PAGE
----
Last week I saw a tweet come into my feed from the NY Senate about the 56-0 passing of a cyberbullying bill. I quickly knocked out a post ripping it for two reasons: The complete lack of a definition and the fact that it violated the First Amendment.
That post was picked up by Scott Greenfield. Then Greenfield’s post was seen by Tim Cushing at Techdirt. Which in turn was seen by Eugene Volokh. A little old school blogging as people added thoughts.
Now I have more to add: The first being a semi-correction that includes some additional criticism of the Senate. But the second is some actual praise.
First, as Volokh pointed out, the bill was an amendment to the Education Law, and the Education Law has an existing definition of cyberbullying that is defined elsewhere. The first of the Senate’s failings was the lack of a reference to that definition section.
That lack of a reference, Greenfield points out today in likewise doing a second post on the subject, threw us both off as this isn’t the way New York usually drafts its statutes. As Greenfield notes:
Had it been the Senate’s intent to borrow the definition from another section of the Education Law to create its new crime, and, indeed, to establish the basic elements of the offense as would be minimally necessary for a crime to pass constitutional muster, there should have been a reference in the new crime to the definition upon which it relies. This is how New York laws are drafted, how a criminal offense is framed as to contain the bare minimum required to establish the elements of the offense.
It never occurred to Turk or me that there would be a New York law devoid of a definition or elements which would leave it to us to go searching the laws to figure out whether there was some definition, something to establish the elements of the offense, lurking in the darkness somewhere else. You don’t do that. You don’t create a crime and omit either the definition or an express reference back to the section setting forth the definition upon which the legislators relied.
This failure of form, hoping for an implicit reference to the definitions section that exists elsewhere, is the lesser of the two problems. Because that existing definition is so chock full of vagaries as to render it unconstitutional as a criminal statute. These are the provisions (as originally made into law for school administrative purposes, not criminal purposes):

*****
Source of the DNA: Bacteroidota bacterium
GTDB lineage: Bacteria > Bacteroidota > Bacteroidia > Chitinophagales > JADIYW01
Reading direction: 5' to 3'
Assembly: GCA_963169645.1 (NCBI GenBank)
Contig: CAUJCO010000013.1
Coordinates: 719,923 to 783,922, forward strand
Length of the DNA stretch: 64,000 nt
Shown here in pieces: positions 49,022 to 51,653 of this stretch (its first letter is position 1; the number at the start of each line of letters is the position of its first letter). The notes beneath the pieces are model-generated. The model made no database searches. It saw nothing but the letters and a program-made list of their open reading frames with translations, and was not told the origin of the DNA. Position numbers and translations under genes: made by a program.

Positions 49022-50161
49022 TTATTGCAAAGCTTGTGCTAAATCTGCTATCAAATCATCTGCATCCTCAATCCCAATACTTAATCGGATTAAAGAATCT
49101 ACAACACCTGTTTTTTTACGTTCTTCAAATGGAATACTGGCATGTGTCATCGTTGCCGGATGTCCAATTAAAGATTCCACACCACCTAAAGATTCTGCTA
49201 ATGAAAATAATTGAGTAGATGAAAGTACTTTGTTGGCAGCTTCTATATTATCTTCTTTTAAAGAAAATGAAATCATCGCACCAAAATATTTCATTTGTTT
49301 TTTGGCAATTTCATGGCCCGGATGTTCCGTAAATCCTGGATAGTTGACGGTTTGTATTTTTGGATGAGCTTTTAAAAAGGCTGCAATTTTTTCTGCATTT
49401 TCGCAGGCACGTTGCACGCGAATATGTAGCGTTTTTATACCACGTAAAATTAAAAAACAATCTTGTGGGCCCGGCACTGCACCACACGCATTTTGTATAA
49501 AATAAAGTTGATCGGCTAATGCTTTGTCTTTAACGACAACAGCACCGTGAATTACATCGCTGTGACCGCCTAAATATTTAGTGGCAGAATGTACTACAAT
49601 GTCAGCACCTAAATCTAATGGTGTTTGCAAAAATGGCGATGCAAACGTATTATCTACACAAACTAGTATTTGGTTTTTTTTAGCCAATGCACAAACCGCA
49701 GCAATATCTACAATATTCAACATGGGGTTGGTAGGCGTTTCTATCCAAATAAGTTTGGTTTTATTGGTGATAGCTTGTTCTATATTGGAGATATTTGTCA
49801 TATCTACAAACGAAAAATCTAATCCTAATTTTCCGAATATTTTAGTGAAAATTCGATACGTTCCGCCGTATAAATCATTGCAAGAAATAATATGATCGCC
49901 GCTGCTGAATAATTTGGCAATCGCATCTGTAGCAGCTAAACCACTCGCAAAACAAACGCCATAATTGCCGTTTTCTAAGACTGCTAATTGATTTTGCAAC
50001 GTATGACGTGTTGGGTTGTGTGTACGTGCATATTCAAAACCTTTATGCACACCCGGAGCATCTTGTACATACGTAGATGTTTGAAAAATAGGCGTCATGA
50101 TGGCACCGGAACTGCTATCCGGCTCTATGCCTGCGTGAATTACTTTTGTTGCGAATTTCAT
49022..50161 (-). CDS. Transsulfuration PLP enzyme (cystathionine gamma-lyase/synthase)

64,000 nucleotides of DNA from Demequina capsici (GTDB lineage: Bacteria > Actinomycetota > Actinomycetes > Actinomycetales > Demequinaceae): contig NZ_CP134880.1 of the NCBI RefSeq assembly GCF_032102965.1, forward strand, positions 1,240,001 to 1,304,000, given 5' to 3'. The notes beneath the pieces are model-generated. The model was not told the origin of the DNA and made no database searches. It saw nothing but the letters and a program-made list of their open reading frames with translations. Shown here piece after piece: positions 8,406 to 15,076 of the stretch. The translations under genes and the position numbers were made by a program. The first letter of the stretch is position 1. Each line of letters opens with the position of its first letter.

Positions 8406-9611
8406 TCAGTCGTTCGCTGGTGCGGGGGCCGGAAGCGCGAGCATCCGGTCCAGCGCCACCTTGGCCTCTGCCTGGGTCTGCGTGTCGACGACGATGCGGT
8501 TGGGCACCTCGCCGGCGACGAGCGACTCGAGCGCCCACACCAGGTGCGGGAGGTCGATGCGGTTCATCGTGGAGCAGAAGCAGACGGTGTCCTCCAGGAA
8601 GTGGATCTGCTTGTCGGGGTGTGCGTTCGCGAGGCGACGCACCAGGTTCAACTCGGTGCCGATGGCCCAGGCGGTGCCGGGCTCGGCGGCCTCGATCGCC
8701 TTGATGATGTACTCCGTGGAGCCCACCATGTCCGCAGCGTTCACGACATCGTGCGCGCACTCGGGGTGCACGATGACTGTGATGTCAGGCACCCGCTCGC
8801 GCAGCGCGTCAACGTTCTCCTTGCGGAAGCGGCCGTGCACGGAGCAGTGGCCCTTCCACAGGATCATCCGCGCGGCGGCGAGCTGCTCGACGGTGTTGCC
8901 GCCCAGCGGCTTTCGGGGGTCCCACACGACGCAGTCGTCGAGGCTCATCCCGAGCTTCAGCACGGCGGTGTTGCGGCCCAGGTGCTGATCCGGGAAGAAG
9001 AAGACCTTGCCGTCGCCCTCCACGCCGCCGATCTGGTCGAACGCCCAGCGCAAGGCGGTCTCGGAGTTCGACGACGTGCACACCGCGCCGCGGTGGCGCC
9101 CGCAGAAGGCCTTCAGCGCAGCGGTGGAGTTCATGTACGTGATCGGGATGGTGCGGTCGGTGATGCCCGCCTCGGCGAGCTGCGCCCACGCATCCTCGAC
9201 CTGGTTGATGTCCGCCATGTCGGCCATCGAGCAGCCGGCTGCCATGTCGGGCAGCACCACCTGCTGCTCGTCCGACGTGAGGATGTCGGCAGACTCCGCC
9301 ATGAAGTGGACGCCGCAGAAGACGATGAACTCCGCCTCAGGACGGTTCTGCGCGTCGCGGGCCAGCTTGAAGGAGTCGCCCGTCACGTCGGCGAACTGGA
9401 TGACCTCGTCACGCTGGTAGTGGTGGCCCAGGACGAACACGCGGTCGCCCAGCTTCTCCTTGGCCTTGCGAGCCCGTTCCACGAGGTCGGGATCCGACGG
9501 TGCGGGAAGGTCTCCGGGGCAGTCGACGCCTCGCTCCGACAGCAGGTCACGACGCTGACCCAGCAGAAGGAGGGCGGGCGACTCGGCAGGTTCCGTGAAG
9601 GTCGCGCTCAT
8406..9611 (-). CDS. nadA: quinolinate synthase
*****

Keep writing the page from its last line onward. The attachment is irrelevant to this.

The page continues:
the creation of a hostile environment by conduct or by threats, intimidation or abuse, including cyberbullying, that
(a) has or would have the effect of unreasonably and substantially interfering with a student’s educational performance, opportunities or benefits, or mental, emotional or physical well-being; or
(b) reasonably causes or would reasonably be expected to cause a student to fear for his or her physical safety; or
(c) reasonably causes or would reasonably be expected to cause physical injury or emotional harm to a student; or
(d) occurs off school property and creates or would foreseeably create a risk of substantial disruption within the school environment, where it is foreseeable that the conduct, threats, intimidation or abuse might reach school property.
Acts of harassment and bullying shall include, but not be limited to, those acts based on a person’s actual or perceived race, color, weight, national origin, ethnic group, religion, religious practice, disability, sexual orientation, gender or sex. For the purposes of this definition the term “threats, intimidation or abuse” shall include verbal and non-verbal actions.
So let’s say that Student A passes Student B in the hall. A smiles at B. Then A texts to B, “I’ll see you on the playground at lunch!”
Are they friends? Enemies? Was A flirting with B? Threatening B? Does A simply want to hang out with B? Should B be afraid? Enthralled? Bored to tears?
Would this conduct and speech “reasonably be expected to cause a student to fear for his or her physical safety?”
Would this conduct and speech, unreasonably and substantially interfere with a student’s educational performance, opportunities or benefits, or mental, emotional or physical well-being?
Who the hell knows?
And if you can’t figure out whether something is a crime or not, then the law is vague. And it is likewise over broad as it will sweep up into its net perfectly innocent conduct and speech.
But there is another part to this posting. And that part is praise.
The praise is not for the bill, but for the Senate’s use of Twitter to quickly and cheaply disseminate information in an easily accessible form to the public.
For all the howling and caterwauling about how bad Twitter is, filled with bots, trolls, and those who think they will somehow “win” arguments and “own” their opponent, the one thing it is particularly good at is the rapid dissemination of information by public bodies.
That is how I easily found the bill’s Senate passage, and that is what allows us to publicly debate it’s merits.
So. The bill itself gets an F, but the Senate’s information distribution gets an A+.